Today we’re featuring a guest post by Marc Minter, the Lead Pastor of First Baptist Church of Diana, TX.
Within Southern Baptist churches there exists a variety of people who claim to be Arminians or Calvinists. In my experience, many of these individuals do not actually affirm many of the propositions that are included in the historic theological systems represented by those names. Instead, the shorthand references seem to have been drained of some substantial theological cargo. More often than not, “Calvinist” and “Arminian” now simply float as hollow battle ships representing differing views on the doctrine of salvation. This is unfortunate and less than helpful.
The rise in number and influence of those who might call themselves Calvinist has also caused no small amount of concern for many Southern Baptists. The reasons for all of this heartburn may be many, but I think that one major contributing factor is unfamiliarity. Anytime something is unfamiliar, it tends to make us uneasy – at least a little.
Ask the average Southern Baptist what he or she knows about Arminianism or Calvinism, and you are likely to get a puzzled look followed by a confused reply. Moreover, if some Southern Baptists do seem to know something about either or both of these camps, they will often have only a truncated or twisted perspective. If the Southern Baptists of today were as disinterested in theological investigation as the Southern Baptists of the 1950s-1990s (activity was their greater focus), then this misunderstanding would not be as much of a problem. However, there has been a dramatic rearrangement of the American cultural landscape, and the congregations who live and work on this new terrain have changed as well.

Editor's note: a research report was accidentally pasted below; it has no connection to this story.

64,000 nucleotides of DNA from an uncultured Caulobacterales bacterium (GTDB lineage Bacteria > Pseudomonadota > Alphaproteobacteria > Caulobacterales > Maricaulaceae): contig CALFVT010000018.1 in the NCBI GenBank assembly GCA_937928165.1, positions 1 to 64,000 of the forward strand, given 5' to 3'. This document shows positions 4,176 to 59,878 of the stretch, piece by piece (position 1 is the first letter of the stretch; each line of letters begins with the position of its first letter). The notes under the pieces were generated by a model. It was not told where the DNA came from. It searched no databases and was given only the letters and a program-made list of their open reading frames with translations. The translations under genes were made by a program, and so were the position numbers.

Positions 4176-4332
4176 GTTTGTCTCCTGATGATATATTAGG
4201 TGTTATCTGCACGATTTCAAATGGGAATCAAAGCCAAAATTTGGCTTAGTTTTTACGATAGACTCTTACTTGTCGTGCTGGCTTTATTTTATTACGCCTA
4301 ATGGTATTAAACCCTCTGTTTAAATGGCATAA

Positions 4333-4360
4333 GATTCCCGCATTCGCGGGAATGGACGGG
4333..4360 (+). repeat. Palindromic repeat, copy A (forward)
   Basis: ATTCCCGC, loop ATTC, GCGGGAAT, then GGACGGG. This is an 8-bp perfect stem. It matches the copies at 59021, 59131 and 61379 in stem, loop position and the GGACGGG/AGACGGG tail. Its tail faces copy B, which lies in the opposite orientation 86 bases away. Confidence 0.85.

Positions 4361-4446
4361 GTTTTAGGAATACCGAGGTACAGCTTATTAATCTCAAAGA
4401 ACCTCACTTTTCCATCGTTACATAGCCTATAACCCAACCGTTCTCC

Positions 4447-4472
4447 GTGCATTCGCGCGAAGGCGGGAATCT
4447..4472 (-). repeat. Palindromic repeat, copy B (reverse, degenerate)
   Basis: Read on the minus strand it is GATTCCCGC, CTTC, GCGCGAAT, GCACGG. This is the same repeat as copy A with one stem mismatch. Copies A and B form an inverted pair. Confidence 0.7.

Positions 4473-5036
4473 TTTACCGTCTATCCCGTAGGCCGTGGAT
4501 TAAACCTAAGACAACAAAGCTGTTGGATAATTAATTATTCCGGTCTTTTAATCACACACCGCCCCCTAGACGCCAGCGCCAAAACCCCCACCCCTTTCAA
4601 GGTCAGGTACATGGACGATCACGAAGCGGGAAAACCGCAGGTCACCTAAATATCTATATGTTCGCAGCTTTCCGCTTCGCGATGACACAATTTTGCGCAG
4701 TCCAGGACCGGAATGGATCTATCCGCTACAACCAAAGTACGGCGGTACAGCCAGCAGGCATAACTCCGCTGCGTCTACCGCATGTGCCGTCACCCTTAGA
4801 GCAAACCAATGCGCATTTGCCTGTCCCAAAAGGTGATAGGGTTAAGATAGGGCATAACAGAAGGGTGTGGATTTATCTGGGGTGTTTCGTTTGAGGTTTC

Since the Southern Baptist Convention was first formed in 1845, there have been both Calvinists and Arminians in the family. Particular Baptists (Calvinistic) and General Baptists (Arminian) both joined in cooperated efforts to proclaim the Gospel far and wide. Because of this diversity in the SBC, there has also been various times in which each theological camp has enjoyed the more prominent role in the convention. Of course, there have been vigorous debates and even family fights, but Southern Baptists have never shied away from a healthy debate or fight. The point is that the disagreeing sides of this particular theological debate have cooperated significantly in the past. I believe that we would be childish and foolish to think that this kind of cooperation cannot continue.
In order to work towards clarity and civility in the current situation, it will be helpful for everyone to investigate, think, and then speak (with patience and humility). By God’s grace, Southern Baptists (Arminians and Calvinists alike) can continue to unite under the banner of the Gospel, and we may continue to defend those Biblical distinctives that have made us Baptists.